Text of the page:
ne who wants to take the kit further is more than

welcome to do so by their own means.

The kit as a Limited Edition release represents

several versions of the Zlin Z-226 Trener, which

translates into English as ‘Trainer’. Anyone who

may rate this kit as too expensive and complicated has only to wait for the ProfiPACK Z-226MS,

being readied for December. This kit will offer

something less expensive and less complicated,

without losing anything in terms of engineering

and detail. This will be followed by other versions,

in Limited Edition, ProfiPACK and, towards the

end of the year, Weekend kits. Personally, I think

I am most looking forward to the short version,

Z-526AFS, a favorite among moviemakers, playing the part of many Second World War fighters

in Czechoslovak and Soviet war films. Most often,

it played the part of Bf 109s, but portrayed allied

fighters as well.

Spitfire Story: The Sweeps

The Spitfire line continues to impress with the

Mk.Vb in early and late versions. The kit is issued as a Dual Combo offer, same as the preceding Spitfire Mk.I and Mk.II Limited Edition kits.

The marking options were once again taken to

represent an overview of the type’s combat career in association with the stories of the aircraft

and their pilots. More on these options in this

newsletter. If you are wondering about tropicalized versions with dust filters, these will have

their own dedicated releases and should be out

in the spring. I can say that these are shaping up

to be the most striking and colorful Spitfire kits

that we will ever release!

Other Kits

November new kit releases don’t end with Limited Editions. In the ProfiPACK line, we’ve got

a Tempest Mk.II in a later version. Besides offering RAF markings, there are also those of India

and Pakistan. The Pakistan aircraft is sure to

spark some discussion on its camouflage colors.

Two kits are being released in the Weekend line,

The MiG-21MF in 1:72nd scale and the P-51D-20

Mustang in 1:48th. The Mustangs will be gradually

released in the Weekend line by production block

number sequence. Two items are seeing re-editions, the recently sold out Tempest Mk.V Series 2

and the Bf 109E-4, both in 1:48th scale. The latter

sees the return of the 48th scale “Emils” to our

inventory. Some of these will be released on the

basis of available supplies like boxes, instructions and other components that survived last

December’s fire, and others will be either re-editions, meaning in our new boxes but with the

same marking options, or as Weekend kits in the

new guise of that line. The first of these kits will

be the Weekend Bf 109E-7 in December. tavebnicí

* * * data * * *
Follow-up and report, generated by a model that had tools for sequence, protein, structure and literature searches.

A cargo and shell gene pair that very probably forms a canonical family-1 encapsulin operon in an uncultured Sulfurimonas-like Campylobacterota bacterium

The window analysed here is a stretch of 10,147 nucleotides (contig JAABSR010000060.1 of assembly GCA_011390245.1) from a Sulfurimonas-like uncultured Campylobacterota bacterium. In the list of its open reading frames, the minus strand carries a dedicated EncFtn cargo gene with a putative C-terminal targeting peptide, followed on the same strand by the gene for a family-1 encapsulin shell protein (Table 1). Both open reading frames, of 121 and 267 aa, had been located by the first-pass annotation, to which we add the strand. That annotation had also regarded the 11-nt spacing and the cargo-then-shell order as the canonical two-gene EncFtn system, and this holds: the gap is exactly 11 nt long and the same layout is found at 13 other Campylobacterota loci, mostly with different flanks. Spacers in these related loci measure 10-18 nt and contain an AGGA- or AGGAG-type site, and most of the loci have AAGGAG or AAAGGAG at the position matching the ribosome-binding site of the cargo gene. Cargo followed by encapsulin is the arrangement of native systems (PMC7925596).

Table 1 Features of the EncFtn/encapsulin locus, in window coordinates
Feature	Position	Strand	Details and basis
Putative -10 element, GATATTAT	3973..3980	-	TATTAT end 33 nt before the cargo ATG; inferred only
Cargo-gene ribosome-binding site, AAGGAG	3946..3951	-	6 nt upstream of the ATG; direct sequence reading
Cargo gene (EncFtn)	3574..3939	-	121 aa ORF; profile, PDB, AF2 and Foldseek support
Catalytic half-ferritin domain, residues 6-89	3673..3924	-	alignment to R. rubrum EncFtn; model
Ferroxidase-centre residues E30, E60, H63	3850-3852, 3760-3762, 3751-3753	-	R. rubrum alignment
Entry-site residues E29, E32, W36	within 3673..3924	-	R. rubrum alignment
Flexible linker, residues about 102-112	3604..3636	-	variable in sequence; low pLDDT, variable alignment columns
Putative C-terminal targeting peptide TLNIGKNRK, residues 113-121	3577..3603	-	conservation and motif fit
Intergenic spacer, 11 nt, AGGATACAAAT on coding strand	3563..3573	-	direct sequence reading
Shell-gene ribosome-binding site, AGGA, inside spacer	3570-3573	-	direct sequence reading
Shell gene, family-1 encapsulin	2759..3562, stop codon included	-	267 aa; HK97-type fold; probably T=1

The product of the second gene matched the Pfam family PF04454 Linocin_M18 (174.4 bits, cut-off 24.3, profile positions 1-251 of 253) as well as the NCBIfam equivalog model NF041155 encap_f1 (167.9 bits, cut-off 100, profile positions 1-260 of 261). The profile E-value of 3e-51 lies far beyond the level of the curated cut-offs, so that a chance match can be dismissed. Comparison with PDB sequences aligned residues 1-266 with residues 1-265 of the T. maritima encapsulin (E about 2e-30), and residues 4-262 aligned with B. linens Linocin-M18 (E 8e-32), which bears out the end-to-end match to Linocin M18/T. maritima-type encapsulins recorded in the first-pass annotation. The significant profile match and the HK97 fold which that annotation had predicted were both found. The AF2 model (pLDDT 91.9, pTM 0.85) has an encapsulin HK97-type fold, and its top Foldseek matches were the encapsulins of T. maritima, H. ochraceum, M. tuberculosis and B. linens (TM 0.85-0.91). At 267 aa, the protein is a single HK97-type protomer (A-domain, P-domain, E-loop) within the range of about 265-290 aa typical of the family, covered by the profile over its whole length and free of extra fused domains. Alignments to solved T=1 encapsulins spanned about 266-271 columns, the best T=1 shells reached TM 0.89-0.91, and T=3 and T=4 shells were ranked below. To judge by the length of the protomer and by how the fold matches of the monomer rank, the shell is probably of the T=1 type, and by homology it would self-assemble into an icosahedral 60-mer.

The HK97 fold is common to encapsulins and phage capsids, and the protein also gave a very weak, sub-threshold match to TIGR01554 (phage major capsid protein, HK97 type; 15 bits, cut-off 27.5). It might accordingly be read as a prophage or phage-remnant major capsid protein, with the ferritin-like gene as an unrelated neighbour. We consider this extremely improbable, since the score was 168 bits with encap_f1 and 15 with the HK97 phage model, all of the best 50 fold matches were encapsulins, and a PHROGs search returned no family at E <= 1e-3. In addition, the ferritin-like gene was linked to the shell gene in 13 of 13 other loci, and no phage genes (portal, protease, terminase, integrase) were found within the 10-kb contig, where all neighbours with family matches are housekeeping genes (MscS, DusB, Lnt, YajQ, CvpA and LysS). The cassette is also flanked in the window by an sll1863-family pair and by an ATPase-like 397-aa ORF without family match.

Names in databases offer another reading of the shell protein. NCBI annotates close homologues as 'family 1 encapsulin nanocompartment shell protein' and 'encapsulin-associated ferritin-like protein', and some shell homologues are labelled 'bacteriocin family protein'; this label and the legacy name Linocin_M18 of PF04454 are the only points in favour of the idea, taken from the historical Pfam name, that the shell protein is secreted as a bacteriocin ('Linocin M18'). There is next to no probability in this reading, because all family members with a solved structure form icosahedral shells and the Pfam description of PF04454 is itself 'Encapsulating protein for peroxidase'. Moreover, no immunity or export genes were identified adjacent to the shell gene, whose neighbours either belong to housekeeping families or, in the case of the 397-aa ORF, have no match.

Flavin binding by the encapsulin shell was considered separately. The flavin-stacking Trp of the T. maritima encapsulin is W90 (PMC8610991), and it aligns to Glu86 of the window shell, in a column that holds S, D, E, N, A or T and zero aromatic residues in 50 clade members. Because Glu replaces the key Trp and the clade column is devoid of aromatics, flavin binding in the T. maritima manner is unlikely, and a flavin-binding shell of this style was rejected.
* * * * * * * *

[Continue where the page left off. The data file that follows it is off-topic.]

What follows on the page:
bude v prosinci Weekend Bf 109E-7.


As is generally the case each month, the Brassin

line contains very noteworthy items. In 1:72nd

scale, for example, we have an engine set for

Hasegawa’s B-25J, also relevant to our release

of that kit under the name “Angel of Mercy”. This

is a cast resin set. The 1:48th scale Le Rhone for

the Eduard Sopwith Camel is produced as a 3D

print, as are the F-4B exhausts for the Tamiya kit.

I think that these can be considered the “engine”

category, can´t they? Also offered as 3D prints are

the landing flaps for the Tempest Mk.II, and this

is the first breakthrough set of its type released

as prints. These were not possible to release as

resin cast items in the past. I suspect that the

printed flaps are spelling out the end of photoetched flaps. I consider the photoetched flaps as

a bit of my baby because it was the flaps set for

the Zero that I and a colleague created as an

experiment and used in a competition model.

As a modeler, I liked these sets. However, and

admittedly, these brass sets are demanding to

INFO Eduard - November 2021

assemble and require a fairly high level of modeling experience. To the contrary, the use of the

printed flaps is comparatively easy, so which do

you think will sell better? Bit of a no-brainer… It’s

a classic case of the old making way for the new.

Check these out, they are certainly worth a look,

even if the Tempest isn’t exactly up your alley. It’s

another little look into what the future holds in

store for us. Also being produced as 3D prints are

1:48th scale US Mk.17 Depth Charges. More details on Brassin sets, including LooK and Space

are detailed below in this newsletter.

Photoetched sets and Masks

Among the new photoetched and mask sets are

items for the 1:48th scale Airfix Chipmunk. In this

case, there is also a Space set being released,

too. The November Space sets, by the way, are

printed with a modified printing method, yielding

improved, better looking result as opposed to older sets. Besides this Chipmunk set, Space sets